RSS01.E3 Discourse Network Analysis
Discourse Network Analysis is a methodological toolbox for measuring and analyzing policy debates and their development over time. At its core, the software Discourse Network Analyzer (DNA) allows researchers to manually code actors’ opinions about policies in text data. In a way similar to other qualitative content analysis tools, the user annotates statements of political actors about their preferred or rejected concepts, policy instruments, frames, or beliefs. Useful text sources can be newspaper articles, parliamentary testimony, press agencies, or social media. DNA then allows the researcher to export various kinds of network data based on what the user coded.
The network data capture the relationships between political actors based on their congruence or conflict around concepts. As these relationships are aggregated into a network, the user can identify discourse coalitions or advocacy coalitions in these networks, identify brokers, opinion leaders, and central actors and concepts, examine the dimensionality of the discourse, find frames composed of different concepts through co-agreement by multiple actors, track the evolution of the policy debate over time (for example before policy change occurs), apply ideological scaling techniques to measure actors’ ideological ideal points relative to each other, or model the contributions by actors to the debate using statistical techniques.
The course explores the connections between discourse network analysis and a number of policy process theories. It introduces the mathematical foundations of creating discourse networks using annotated text datasets. We will cover best practices for coding statements in text data. The course will introduce a variety of statistical and exploratory methods to analyze the resulting network data. In addition to the methodological and theoretical foundations, we will dedicate about half of the time to software implementations, including the Discourse Network Analyzer, its associated R package rDNA, and visualization and analysis of discourse networks in the stand-alone network analysis software visone.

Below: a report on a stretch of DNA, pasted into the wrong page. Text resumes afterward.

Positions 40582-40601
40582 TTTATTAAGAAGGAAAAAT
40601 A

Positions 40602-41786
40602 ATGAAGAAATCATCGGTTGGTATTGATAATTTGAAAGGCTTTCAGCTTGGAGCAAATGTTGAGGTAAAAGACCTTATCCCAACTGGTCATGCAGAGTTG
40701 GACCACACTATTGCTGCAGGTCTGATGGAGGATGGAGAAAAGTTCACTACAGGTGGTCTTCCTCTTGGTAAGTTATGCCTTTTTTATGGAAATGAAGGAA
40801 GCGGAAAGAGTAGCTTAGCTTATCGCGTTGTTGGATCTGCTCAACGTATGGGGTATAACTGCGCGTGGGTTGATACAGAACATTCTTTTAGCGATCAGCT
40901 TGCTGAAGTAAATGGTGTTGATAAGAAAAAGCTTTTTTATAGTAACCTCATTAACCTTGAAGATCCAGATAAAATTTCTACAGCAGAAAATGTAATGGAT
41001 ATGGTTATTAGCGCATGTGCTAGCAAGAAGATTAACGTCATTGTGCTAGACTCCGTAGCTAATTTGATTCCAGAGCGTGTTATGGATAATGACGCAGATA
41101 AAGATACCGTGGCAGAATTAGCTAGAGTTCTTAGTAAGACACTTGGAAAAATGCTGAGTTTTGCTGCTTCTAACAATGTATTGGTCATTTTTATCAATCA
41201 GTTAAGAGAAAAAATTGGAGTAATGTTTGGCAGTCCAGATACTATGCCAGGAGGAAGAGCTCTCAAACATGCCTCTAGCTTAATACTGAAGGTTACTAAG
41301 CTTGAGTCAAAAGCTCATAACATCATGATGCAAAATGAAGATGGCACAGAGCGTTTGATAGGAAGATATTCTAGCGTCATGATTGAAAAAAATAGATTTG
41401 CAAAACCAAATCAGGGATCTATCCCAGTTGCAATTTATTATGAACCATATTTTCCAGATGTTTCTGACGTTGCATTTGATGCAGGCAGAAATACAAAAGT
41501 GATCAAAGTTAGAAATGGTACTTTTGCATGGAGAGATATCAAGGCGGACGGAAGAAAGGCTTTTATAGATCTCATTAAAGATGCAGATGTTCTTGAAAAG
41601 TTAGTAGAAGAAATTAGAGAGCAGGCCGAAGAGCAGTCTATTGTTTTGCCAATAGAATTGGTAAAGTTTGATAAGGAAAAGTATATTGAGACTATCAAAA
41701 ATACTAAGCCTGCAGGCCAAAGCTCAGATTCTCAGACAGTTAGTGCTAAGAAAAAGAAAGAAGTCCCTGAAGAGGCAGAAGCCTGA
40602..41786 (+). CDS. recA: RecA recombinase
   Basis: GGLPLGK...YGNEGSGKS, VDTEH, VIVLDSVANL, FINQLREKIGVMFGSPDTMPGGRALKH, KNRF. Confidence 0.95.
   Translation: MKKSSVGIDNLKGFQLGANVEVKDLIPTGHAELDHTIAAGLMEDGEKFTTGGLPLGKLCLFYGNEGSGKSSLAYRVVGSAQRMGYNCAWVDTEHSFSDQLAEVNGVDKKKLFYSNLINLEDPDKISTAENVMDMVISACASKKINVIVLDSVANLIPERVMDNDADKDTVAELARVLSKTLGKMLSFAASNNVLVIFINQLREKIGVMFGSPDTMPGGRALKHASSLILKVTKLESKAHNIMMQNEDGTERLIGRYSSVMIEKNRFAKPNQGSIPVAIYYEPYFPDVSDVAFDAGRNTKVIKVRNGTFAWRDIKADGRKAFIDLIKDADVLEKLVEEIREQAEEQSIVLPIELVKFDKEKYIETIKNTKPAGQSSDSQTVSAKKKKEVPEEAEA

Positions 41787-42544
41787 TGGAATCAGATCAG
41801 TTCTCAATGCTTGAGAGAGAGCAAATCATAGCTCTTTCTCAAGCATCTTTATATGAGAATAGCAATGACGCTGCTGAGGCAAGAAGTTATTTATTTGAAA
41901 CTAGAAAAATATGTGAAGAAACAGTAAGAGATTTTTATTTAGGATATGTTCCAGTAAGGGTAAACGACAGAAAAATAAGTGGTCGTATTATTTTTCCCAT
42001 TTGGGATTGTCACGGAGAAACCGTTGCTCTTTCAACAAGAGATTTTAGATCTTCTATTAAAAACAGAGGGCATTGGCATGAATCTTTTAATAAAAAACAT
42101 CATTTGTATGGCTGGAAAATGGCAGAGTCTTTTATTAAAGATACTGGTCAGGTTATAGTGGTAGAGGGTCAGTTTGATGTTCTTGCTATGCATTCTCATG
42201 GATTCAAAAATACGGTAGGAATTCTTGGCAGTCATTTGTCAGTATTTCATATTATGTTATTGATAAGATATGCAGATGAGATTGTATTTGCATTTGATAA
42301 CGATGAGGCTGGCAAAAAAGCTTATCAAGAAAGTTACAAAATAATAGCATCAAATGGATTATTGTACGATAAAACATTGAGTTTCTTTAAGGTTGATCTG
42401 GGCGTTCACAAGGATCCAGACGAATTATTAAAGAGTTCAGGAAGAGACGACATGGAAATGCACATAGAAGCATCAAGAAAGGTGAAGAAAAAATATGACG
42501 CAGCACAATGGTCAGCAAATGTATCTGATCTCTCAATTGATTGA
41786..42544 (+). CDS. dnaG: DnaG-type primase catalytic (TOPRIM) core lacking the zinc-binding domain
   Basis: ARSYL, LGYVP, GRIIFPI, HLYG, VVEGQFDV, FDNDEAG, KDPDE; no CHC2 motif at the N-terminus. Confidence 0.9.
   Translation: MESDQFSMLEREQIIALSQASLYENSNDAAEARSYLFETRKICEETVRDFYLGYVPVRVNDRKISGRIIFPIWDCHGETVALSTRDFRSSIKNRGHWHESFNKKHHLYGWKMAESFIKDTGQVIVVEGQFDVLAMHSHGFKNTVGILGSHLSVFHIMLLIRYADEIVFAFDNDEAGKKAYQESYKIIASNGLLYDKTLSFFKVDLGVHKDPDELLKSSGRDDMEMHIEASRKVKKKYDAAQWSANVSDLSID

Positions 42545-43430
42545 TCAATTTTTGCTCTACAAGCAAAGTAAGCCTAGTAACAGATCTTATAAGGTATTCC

After attending the course, participants will be able to confidently code their own policy debates using the DNA software, possibly in teams, and will be able to analyze the resulting network data competently in visone and, if a participant has prior R skills, also using the rDNA package. Most importantly, participants will learn how to operationalize important aspects of policy process theories using discourse network analysis and apply the methodology to their own research questions.
|19 June 2023 - 23 June 2023|
Early Bird Regular: €895 (application deadline* April 1st)
|Scholarships and discounts||Find more information here|
*Your application is only completed when the course fee has been paid
|Course leader||Philip Leifeld|
|Level of participant||
|Admission requirements||Participants should be interested in thinking about social phenomena and policy making as complex systems. Basic experience with the statistical programming environment R would be a plus, but only a small part of the course will actually use R. If you are willing to listen without using R during these parts, R skills are not strictly required. Participants should ideally bring their own laptops.|
|Mode of Study||On Campus|
|ECTS||2 or 4 Find more information here|